Most interpretability research in NLP focuses on understanding the behavior and features of a fully trained model. However, certain insights into model behavior may only be accessible by observing the trajectory of the training process. We present a case study of syntax acquisition in masked language models (MLMs) that demonstrates how analyzing the evolution of interpretable artifacts throughout training deepens our understanding of emergent behavior. In particular, we study Syntactic Attention Structure (SAS), a naturally emerging property of MLMs wherein specific Transformer heads tend to focus on specific syntactic relations. We identify a brief window in pretraining when models abruptly acquire SAS, concurrent with a steep drop in loss. This breakthrough precipitates the subsequent acquisition of linguistic capabilities. We then examine the causal role of SAS by manipulating SAS during training, and demonstrate that SAS is necessary for the development of grammatical capabilities. We further find that SAS competes with other beneficial traits during training, and that briefly suppressing SAS improves model quality. These findings offer an interpretation of a real-world example of both simplicity bias and breakthrough training dynamics.
The impact of randomness on model training is poorly understood. How do differences in data order and initialization actually manifest in the model, such that some training runs outperform others or converge faster? Furthermore, how can we interpret the resulting training dynamics and the phase transitions that characterize different trajectories? To understand the effect of randomness on the dynamics and outcomes of neural network training, we train models multiple times with different random seeds and compute a variety of metrics throughout training, such as the $L_2$ norm, mean, and variance of the neural network's weights. We then fit a hidden Markov model (HMM) over the resulting sequences of metrics. The HMM represents training as a stochastic process of transitions between latent states, providing an intuitive overview of significant changes during training. Using our method, we produce a low-dimensional, discrete representation of training dynamics on grokking tasks, image classification, and masked language modeling. We use the HMM representation to study phase transitions and identify latent "detour" states that slow down convergence.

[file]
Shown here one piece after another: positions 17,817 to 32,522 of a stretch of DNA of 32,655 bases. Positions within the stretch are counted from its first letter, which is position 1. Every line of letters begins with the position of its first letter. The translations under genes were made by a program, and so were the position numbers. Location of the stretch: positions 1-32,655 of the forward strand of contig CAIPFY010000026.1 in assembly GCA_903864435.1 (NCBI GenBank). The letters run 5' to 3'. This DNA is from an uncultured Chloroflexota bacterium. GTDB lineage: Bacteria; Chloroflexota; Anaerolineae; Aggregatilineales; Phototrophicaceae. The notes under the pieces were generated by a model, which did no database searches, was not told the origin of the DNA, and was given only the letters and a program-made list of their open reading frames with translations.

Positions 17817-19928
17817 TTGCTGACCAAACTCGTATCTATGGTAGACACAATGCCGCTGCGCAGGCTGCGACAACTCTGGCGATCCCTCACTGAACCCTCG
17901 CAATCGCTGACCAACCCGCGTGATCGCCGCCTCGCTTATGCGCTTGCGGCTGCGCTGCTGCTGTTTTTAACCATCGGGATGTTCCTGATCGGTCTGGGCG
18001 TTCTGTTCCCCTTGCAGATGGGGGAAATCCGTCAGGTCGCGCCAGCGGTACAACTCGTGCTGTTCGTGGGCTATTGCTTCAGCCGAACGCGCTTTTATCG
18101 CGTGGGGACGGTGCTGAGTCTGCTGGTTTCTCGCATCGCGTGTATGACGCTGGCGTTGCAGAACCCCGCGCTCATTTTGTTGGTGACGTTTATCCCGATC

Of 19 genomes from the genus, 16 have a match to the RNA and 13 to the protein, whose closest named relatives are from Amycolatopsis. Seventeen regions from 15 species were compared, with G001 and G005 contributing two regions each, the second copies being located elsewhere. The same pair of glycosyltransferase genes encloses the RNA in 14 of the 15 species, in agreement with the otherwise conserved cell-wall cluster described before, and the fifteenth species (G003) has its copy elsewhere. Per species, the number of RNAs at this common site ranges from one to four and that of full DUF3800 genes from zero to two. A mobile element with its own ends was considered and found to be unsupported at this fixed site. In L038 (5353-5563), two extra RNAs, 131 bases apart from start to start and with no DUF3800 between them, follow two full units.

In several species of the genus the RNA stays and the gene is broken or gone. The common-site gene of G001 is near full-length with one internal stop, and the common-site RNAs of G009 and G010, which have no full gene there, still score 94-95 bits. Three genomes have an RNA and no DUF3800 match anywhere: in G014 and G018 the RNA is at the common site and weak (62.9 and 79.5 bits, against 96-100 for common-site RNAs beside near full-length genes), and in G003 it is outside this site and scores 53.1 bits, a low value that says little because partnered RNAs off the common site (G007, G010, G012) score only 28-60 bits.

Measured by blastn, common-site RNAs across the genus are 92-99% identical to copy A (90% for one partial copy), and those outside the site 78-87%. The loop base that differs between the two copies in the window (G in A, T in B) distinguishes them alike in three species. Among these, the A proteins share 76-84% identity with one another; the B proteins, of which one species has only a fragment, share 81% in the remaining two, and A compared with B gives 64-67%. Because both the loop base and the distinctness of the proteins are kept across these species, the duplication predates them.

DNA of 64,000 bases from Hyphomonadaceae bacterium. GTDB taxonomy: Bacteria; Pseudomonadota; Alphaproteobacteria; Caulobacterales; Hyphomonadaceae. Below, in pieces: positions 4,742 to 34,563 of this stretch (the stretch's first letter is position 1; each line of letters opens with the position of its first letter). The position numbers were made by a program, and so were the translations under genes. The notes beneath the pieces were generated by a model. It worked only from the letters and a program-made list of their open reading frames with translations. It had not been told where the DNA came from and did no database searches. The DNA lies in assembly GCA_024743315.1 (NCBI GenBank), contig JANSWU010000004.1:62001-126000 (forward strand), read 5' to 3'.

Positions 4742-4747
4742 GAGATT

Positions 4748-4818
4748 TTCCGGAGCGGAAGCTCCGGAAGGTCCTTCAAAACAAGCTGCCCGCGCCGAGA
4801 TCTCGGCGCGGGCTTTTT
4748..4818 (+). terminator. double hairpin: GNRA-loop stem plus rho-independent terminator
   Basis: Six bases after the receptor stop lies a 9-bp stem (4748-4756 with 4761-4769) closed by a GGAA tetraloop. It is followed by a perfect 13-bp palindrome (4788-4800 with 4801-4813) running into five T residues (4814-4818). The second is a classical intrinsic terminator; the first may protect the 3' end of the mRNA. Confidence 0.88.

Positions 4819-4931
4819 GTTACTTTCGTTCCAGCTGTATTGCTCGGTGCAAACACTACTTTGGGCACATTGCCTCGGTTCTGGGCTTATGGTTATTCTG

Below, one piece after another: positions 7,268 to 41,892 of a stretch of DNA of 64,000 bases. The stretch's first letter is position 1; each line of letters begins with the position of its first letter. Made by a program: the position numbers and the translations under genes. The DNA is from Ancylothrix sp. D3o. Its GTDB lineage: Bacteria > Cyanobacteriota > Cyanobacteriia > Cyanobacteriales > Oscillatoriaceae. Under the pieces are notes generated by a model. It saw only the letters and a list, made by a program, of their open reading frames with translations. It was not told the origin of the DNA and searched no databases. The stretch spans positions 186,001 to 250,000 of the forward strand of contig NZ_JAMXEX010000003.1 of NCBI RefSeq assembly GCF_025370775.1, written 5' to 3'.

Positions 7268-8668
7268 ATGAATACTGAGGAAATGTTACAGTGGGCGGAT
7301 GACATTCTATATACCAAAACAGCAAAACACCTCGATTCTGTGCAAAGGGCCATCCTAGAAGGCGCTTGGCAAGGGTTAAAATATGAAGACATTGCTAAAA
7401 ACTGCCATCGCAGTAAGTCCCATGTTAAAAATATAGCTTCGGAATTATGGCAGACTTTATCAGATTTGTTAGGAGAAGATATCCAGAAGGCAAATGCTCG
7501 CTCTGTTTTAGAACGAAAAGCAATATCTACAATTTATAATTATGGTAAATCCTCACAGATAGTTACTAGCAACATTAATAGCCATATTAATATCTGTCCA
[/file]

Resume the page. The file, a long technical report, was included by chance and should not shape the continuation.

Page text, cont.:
Most works on transformers trained with the Masked Language Modeling (MLM) objective use the original BERT model's fixed masking rate of 15%. Our work instead dynamically schedules the masking ratio throughout training. We found that linearly decreasing the masking rate from 30% to 15% over the course of pretraining improves average GLUE accuracy by 0.46% in BERT-base, compared to a standard 15% fixed rate. Further analyses demonstrate that the gains from scheduling come from being exposed to both high and low masking rate regimes. Our results demonstrate that masking rate scheduling is a simple way to improve the quality of masked language models and achieve up to a 1.89x speedup in pretraining.
At NeurIPS, American and Chinese institutions cite papers from each other's regions substantially less than they cite endogamously. We build a citation graph to quantify this divide, compare it to European connectivity, and discuss the causes and consequences of the separation.
* Workshop on Cultures of AI and AI for Culture @ NeurIPS 2022
The ability to generalise well is one of the primary desiderata of natural language processing (NLP). Yet, what `good generalisation' entails and how it should be evaluated is not well understood, nor are there any common standards to evaluate it. In this paper, we aim to lay the ground-work to improve both of these issues. We present a taxonomy for characterising and understanding generalisation research in NLP, we use that taxonomy to present a comprehensive map of published generalisation studies, and we make recommendations for which areas might deserve attention in the future. Our taxonomy is based on an extensive literature review of generalisation research, and contains five axes along which studies can differ: their main motivation, the type of generalisation they aim to solve, the type of data shift they consider, the source by which this data shift is obtained, and the locus of the shift within the modelling pipeline. We use our taxonomy to classify over 400 previous papers that test generalisation, for a total of more than 600 individual experiments. Considering the results of this review, we present an in-depth analysis of the current state of generalisation research in NLP, and make recommendations for the future. Along with this paper, we release a webpage where the results of our review can be dynamically explored, and which we intend to up-date as new NLP generalisation studies are published. With this work, we aim to make steps towards making state-of-the-art generalisation testing the new status quo in NLP.